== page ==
Cutaneous T-cell lymphoma (CTCL) is the most common type of cutaneous lymphoma, and typically presents with red, scaly patches or plaques on the skin. The global market for CTCL is estimated to reach $1.6 Billion by 2025 (Diligent Market Research, 2017). CTCL often mimics eczema, psoriasis, or other chronic dermatitis, and because of this it’s common that the diagnosis of CTCL is delayed, sometimes by years or decades. Approximately 15% of CTCL patients will develop a life-threatening systemic form of CTCL know as Sezary Syndrome with a mortality rate of 80% within 4 years. CTCL is a designated by the FDA “orphan” status and is a condition with unmet needs.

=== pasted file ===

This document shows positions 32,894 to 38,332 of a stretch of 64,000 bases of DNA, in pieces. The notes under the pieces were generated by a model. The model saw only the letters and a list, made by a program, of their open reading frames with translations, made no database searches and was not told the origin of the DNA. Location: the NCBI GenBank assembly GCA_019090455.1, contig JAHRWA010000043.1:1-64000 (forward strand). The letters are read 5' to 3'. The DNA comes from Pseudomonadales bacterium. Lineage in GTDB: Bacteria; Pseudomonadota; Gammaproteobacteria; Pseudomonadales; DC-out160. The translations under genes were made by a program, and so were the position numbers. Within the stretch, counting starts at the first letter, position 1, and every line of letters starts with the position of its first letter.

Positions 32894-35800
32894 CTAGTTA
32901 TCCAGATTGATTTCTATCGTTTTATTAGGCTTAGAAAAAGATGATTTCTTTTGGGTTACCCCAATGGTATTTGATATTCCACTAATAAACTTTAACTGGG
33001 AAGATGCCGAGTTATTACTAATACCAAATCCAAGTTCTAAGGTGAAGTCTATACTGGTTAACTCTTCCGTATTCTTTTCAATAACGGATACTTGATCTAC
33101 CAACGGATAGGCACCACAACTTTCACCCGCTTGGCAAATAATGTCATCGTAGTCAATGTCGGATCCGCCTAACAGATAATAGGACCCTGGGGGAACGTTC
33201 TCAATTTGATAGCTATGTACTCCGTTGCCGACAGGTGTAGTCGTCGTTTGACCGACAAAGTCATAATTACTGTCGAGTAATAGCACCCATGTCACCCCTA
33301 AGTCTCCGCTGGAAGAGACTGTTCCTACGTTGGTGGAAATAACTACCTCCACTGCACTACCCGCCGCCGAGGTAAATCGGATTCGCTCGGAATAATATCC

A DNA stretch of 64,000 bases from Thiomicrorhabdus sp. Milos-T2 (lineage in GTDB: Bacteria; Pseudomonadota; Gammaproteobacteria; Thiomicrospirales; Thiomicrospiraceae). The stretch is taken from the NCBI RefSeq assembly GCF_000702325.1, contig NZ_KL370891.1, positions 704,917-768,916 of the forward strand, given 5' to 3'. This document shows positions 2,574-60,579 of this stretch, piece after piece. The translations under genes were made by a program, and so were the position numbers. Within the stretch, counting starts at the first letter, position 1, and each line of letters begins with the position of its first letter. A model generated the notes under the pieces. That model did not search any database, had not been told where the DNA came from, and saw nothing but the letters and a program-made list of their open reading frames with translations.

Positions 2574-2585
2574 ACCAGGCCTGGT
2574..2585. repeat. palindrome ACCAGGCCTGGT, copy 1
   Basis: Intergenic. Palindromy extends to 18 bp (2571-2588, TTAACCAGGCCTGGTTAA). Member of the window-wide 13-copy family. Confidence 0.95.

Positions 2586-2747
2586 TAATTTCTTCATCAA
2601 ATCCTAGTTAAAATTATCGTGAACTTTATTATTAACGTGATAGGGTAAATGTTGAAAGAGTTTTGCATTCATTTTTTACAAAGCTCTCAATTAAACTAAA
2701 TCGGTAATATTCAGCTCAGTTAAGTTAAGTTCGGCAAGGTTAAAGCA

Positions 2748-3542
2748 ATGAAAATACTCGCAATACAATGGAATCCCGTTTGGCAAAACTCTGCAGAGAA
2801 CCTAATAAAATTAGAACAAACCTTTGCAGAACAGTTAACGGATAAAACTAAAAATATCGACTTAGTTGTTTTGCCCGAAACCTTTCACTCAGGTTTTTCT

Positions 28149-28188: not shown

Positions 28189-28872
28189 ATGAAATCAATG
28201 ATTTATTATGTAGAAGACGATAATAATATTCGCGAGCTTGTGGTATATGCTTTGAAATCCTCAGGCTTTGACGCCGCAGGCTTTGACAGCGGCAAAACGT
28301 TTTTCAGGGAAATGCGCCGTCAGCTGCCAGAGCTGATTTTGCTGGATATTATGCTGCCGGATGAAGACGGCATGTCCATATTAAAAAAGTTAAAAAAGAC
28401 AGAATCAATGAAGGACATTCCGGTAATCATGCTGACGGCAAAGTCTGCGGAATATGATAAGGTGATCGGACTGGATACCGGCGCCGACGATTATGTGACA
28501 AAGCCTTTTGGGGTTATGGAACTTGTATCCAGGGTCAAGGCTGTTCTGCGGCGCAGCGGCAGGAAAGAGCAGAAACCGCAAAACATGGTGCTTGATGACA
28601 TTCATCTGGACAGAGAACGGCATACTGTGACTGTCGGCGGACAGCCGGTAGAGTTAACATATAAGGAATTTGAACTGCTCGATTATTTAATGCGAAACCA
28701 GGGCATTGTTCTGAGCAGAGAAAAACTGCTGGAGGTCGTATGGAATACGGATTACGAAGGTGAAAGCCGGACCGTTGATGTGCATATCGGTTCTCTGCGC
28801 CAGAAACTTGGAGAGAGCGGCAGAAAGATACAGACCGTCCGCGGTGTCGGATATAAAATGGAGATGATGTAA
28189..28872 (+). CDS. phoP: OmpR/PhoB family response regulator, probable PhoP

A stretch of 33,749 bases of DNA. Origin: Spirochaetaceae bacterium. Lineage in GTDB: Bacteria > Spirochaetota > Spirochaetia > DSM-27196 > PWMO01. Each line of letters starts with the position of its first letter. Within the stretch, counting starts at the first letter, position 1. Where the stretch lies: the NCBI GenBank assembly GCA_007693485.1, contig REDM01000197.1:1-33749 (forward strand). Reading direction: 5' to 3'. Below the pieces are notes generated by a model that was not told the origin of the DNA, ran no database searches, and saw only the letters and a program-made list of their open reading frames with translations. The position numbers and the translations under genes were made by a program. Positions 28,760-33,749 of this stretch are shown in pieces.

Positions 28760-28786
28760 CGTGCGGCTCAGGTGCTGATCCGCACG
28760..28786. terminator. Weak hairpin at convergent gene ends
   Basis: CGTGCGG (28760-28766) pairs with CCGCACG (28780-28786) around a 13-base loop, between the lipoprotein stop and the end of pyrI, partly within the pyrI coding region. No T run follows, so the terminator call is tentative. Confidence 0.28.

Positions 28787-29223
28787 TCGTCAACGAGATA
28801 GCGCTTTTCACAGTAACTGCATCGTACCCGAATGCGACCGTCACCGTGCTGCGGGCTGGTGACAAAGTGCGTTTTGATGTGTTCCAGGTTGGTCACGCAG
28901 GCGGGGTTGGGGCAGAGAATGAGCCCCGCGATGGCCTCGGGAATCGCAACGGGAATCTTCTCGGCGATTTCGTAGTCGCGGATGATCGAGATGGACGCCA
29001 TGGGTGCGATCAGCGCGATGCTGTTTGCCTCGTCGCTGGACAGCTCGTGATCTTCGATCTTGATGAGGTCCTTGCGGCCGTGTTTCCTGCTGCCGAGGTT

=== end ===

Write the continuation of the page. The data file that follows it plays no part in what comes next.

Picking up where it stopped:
As a group, CTCL is a rare family of diseases. While the number of new cases diagnosed each year is relatively low (about 3,000), it is estimated that, since patients have a very long survival, there may be as many as 30,000 patients living with cutaneous lymphoma in the United States and Canada. MF is more common in men compared to women, in blacks compared to whites, and in patients older than 50 years of age compared to younger people. Due to the difficulty of diagnosing the disease in its early stages, the slow course of MF, and the lack of an accurate reporting system, these numbers are probably low estimates. Breakthrough Therapies